Well, at first I thought it must be an inadvertent flub.  I haven't been watching Bush's ties, studying the significance of presidential wardrobes or anything even close.  But when I saw images from the meeting with Sharon, I thought I saw the fantastic match in the colors between the Israeli flag and Bush's tie.  Accidental?  Who knows?  But it sure seems like it could be deliberate;  surely the President's wardrobe crew is more careful about picking out what he'll wear for a visible, widely broadcast engagement than I am about what I wear each day.  And if that's true, then it's possible that his dressers, knowing these basics (PDF), were deliberate in laying out his checkered tie, the one glow-shifting on the screen throughout his press conference last Tuesday.  And for fun, we might speculate about the legacy of checkered props as sideshow that have been a part of televised presidential talks since the beginning:

Eight years later to the day, while delivering one of history's first major televised political speeches, Richard Nixon used a dog as a prop. Nixon was Dwight Eisenhower's vice presidential running mate, and the speech -- unofficially named after the dog -- saved his spot on the ticket. In rebutting allegations that a group of supporters had created a slush fund for him, Nixon conceded that he had received one gift.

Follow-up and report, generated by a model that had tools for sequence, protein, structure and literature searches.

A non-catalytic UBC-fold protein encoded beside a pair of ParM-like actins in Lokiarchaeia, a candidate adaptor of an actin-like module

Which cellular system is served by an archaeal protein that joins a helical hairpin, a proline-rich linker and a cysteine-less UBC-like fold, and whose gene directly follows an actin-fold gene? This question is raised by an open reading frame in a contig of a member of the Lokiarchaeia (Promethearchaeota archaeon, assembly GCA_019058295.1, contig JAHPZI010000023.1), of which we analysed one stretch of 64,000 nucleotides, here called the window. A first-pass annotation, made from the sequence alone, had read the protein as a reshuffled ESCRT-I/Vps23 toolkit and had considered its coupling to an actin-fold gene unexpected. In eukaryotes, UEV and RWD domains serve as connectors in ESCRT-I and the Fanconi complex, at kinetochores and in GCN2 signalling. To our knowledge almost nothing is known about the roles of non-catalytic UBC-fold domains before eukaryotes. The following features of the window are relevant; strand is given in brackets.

"It was a little cocker spaniel dog in a crate that he'd sent all the way from Texas," Nixon said. "Black-and-white spotted. And our little girl, Tricia, the 6-year-old, named it Checkers. And you know, the kids, like all kids, love the dog, and I just want to say this right now, that regardless of what they say about it, we're gonna keep it!" ("Web Team hones," 3/8/04)

I don't know, maybe it's too great a reach to suppose the President's tie last Tuesday was purposefully distracting.  But it was distracting (for me, at least).

Monday, April 19, 2004

Skip the Part About

On this Monday, I'm having a crinkled attitude--that hard plastic crunchiness, stiff like the lid from a fountain soda cup I picked out of the ditch before mowing the dandelions this evening.  No delimiters indented: Other, Root Beer, Diet. The skies are scheduled for rain tomorrow. Buckets. Oh please!

I was at the office at a raw hour this morning--and all day after that.  In my chair at the office before 8:00 a.m.: raw.  Had to turn out three player of the week nominations for the U.'s baseball and softball programs.  Email them to the conference.  By the end of the day, I learned that none of them was selected.  One twitch of invisible work-product.  One harmless twitch.  And one in my eye.

The men's soccer program held their annual banquet late in the afternoon yesterday.  Since the news about heading to Syracuse broke, there've been a lot of "missyous" floating around.  E. gifted a signed game ball to me at the banquet yesterday, said a kind few words about how we've known each other since we showed up at the U. twelve years ago--a futboler from D.C. and a basketballer from Michigan.  Abundant good fortunes have lit the course.  So when E. floated the panegyric, everyone almost cried. A braid of joy and sadness, I suppose. 

I've been directing information about sports at the U. for the last seven years.  Directing information is akin to "representing."  It stems from the powerful potential of  fashioning knowledge, of controlling its distribution.  It's rhetorical--inventive, moving, extant by conditional delivery.